The City of Los Angeles is notorious for having the largest population of homeless people in the United States.
Furthermore, LA has more homeless United States veterans than any other city in the country.
According to the Los Angeles Homeless Services Authority (LAHSA), there are more than 45,000 homeless individuals in the county with veterans covering about 10 percent of that population.
Over the last few years, the city — led by Mayor Eric Garcetti — has been collaborating with the Department of Veterans Affairs (VA) and community organizations and nonprofits to zero-in on the issue of veteran homelessness.
In 2016, veteran homelessness in LA dropped 32 percent from 2015 due to collaborative efforts made by local leaders and organizations, the city and the federal government.
Through conversations with the community and one-on-one interactions with the homeless Veterans themselves, the collective team continues to learn and address the issues that plague the homeless Veteran community.
“We cannot have, in this city and in this country, a single homeless Veteran,” Garcetti asserted at a special session of the LA Veterans Alliance on Thursday, January 5 at the Bob Hope Patriotic Hall, which is a historic building established as a resource center for U.S. veterans.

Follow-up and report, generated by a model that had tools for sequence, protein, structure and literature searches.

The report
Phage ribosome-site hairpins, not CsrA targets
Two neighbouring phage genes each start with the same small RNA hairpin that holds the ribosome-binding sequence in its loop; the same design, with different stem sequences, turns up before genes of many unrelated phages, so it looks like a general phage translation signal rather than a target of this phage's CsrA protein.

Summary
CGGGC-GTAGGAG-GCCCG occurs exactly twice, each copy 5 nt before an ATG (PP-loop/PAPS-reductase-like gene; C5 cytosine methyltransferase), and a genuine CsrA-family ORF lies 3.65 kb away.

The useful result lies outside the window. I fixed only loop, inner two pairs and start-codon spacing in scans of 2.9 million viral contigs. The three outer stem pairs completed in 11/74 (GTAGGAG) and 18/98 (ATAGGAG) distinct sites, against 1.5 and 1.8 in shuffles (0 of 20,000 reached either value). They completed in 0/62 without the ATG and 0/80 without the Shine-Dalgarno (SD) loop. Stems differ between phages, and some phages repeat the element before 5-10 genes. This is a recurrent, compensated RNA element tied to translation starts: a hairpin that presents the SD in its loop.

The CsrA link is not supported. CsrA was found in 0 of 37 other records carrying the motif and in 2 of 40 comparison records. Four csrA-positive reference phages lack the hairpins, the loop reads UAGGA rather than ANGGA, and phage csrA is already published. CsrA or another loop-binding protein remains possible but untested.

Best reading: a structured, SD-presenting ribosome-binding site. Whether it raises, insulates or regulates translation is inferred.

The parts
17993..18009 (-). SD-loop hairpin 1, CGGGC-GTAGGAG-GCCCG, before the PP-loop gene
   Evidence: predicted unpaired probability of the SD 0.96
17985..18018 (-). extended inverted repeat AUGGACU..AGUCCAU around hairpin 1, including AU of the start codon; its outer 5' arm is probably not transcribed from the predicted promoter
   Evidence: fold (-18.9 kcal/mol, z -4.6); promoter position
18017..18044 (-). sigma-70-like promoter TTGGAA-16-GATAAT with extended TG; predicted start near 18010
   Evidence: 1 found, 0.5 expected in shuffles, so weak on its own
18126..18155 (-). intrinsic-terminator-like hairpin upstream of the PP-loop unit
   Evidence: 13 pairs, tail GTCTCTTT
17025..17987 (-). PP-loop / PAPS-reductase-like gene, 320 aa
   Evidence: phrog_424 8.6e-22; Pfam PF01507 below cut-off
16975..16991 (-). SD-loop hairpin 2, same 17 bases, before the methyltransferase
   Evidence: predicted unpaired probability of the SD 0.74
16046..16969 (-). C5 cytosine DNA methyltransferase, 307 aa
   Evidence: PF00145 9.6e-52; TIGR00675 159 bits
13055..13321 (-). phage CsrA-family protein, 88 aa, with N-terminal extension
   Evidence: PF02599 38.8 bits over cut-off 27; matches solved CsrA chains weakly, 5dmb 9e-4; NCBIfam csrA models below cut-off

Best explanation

Today, there are 8,000 formerly homeless veterans in the city of LA today who were able to find housing through the city, county and VA’s efforts. There are, however, still more than 1,200 veterans today without a home.
“Today let’s commit ourselves today in continuing in that work, to not rest until that number is zero,” Garcetti added.
One of the key programs is the Housing and Urban Development-VA Supportive Housing (HUD-VASH) voucher, which the HUD and the VA created to provide rental assistance among other services for homeless and in-need Veterans.
In LA, more than 3,400 veterans have been issued HUD-VASH vouchers, but the search for landlords that accept the HUD-VASH voucher proved to be troublesome for so many homeless veterans in the famously rigid LA rental housing market.
There are hundreds of veterans in LA today struggling with this very issue, with some veterans experiencing rejection from more than a hundred landlords.
Last year, national and local leaders established the Homes for Heroes program through United Way of Greater LA, which was a conscious effort to recruit landlords that will accept federal rent subsidies – like the HUD-VASH voucher – and lease units to homeless veterans.
Since then, the program has garnered more than 200 landlords’ support, housing hundreds of homeless veterans in the city.
Garcetti – who serves as a Lieutenant in the U.S. Navy Reserve Information Dominance Corps – said the issue is a personal one for him.
His grandfather, Salvador Garcetti, emigrated from Mexico to Los Angeles when he was a child. His youth and adolescence were rough: he failed to graduate junior high school, got into trouble and was arrested by none other than Tom Bradley, who was then a police chief for the LAPD.